My family was on my mind today. Not my little people and my great love, those crackers are fine at home with said great love; their super dad and my super husband. I’ll see them all every day again soon and we’ll be having pjs and all day couch cuddles. No, today the family I grew up in was on my mind.

I presumed if I missed a family I would miss my own but today it was the family on my mind that I missed. I even shed a tiny tear, don’t worry it was a good tear, a happy tear. It shows how much I love them and it reminds me that we’re still very connected and I need them … even with the distance between us.

We had a late start this morning eating breakfast before we started and ‘what’s ap’ing’ our brothers. One brother each. I know they would love this walk. Perhaps this beautiful gift of freedom, of being small in a big beautiful world and the simplicity of this life reminds me of my childhood. That time when you are lost in your head without a care in the world. Where you’re closest to yourself and your siblings are your best mates and your parents are your everything.

Here I am climbing mountains with my sister and today I wanted to feel close to my brothers and my parents. So I did. I thought a lot about them. People are walking this trail for many reasons. Some, like me come without expectations unsure of what the trail will offer them but open to what finds them. This day surprised me.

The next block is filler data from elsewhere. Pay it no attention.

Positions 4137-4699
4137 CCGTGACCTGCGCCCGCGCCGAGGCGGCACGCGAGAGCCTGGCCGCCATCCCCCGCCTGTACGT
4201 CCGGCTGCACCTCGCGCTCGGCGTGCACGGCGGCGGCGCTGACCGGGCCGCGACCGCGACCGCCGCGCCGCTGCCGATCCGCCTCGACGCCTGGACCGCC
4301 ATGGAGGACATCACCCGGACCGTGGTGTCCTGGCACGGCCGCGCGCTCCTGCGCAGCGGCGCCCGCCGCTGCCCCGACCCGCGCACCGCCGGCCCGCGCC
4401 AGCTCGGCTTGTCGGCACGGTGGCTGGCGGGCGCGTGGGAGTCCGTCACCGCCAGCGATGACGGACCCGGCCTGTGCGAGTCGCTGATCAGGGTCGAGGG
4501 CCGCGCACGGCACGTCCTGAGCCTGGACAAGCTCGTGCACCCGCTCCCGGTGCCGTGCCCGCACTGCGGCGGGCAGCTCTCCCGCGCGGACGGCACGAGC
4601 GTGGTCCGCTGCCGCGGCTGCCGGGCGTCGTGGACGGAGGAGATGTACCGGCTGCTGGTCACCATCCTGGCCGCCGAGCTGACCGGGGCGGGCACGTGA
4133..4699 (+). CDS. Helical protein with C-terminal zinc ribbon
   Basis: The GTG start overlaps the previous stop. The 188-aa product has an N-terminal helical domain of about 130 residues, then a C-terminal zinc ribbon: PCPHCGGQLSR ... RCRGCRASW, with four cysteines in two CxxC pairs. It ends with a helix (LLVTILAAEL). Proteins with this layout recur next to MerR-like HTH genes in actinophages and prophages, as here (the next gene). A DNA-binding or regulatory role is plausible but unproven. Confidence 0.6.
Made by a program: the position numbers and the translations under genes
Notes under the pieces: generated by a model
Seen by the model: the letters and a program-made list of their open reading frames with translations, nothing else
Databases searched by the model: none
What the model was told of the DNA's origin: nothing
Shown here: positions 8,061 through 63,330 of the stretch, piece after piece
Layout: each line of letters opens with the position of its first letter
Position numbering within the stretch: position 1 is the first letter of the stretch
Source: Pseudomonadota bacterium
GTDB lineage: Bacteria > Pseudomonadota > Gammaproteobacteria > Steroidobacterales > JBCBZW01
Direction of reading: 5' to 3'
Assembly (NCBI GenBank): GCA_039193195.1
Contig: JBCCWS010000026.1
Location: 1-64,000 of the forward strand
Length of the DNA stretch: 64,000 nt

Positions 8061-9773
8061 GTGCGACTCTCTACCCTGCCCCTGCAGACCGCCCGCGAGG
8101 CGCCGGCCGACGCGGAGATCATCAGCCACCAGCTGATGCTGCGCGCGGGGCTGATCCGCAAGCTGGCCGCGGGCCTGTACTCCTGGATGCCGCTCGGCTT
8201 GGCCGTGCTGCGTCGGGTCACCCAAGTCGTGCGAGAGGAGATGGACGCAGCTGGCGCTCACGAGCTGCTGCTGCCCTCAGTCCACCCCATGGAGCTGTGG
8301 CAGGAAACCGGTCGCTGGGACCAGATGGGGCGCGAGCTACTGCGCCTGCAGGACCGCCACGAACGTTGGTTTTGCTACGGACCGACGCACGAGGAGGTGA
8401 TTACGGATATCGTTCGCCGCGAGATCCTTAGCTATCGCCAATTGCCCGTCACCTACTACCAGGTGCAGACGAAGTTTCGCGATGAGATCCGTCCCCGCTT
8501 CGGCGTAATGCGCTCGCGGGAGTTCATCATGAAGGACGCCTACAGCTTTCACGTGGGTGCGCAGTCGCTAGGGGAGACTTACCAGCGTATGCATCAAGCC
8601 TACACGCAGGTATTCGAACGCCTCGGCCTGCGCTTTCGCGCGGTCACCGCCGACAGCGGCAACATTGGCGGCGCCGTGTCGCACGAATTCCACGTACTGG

I’m not sure what the point of this story is. So I’m struggling to conclude it! But I need to sleep so I have to. As this camino continues the things that are surfacing are not things I’ve thought a lot about so the writing is getting harder. Simplicity, slow days, transition, letting go, gratitude I can write about those thoughts till the cows come home – those lessons I’d learnt before the camino, are well practiced in my life and they’re easy for me to spot with analogy’s.

This one is something bigger. I suspect it’s to do with a story I heard on this camino of why a family it walking towards this cross. So I’ve laid it out here briefly and now I will let it sit.

Buen Camino,

Fran xx

Writing from Los Arcos – Day 6

I’ve been watching how people use their arms as they walk. Some have their hands in their pockets, some hold tightly to the straps on their packs and some swing their arms freely. I’m trying to swing my arms … when I let go of holding my pack and let my arms go there’s a nice rhythm. A rhythm that’s in tune with my legs, the landscape, the moment. I wonder if what we’re doing with our arms when we walk relates to how we do life? Gripping tightly, hiding or swinging freely and confidently – with purpose.

Days on the Camino – 6

Kms – 30 kms. Total is around 145.2kms!! I’m still blister free thankfully. The heat rash thing on feet is back … hot, long day.

Starting point today – Lorca, Spain.

End of the day – Los Arcos, Spain .

Number of girls in Africa educated – 19

Total funds raised so far $5,980.00. If you’d like to contribute you can do so here.

Frances Antonia – Do it in a dress.

Thanks for the help Kimmy from the Women Who Hike team.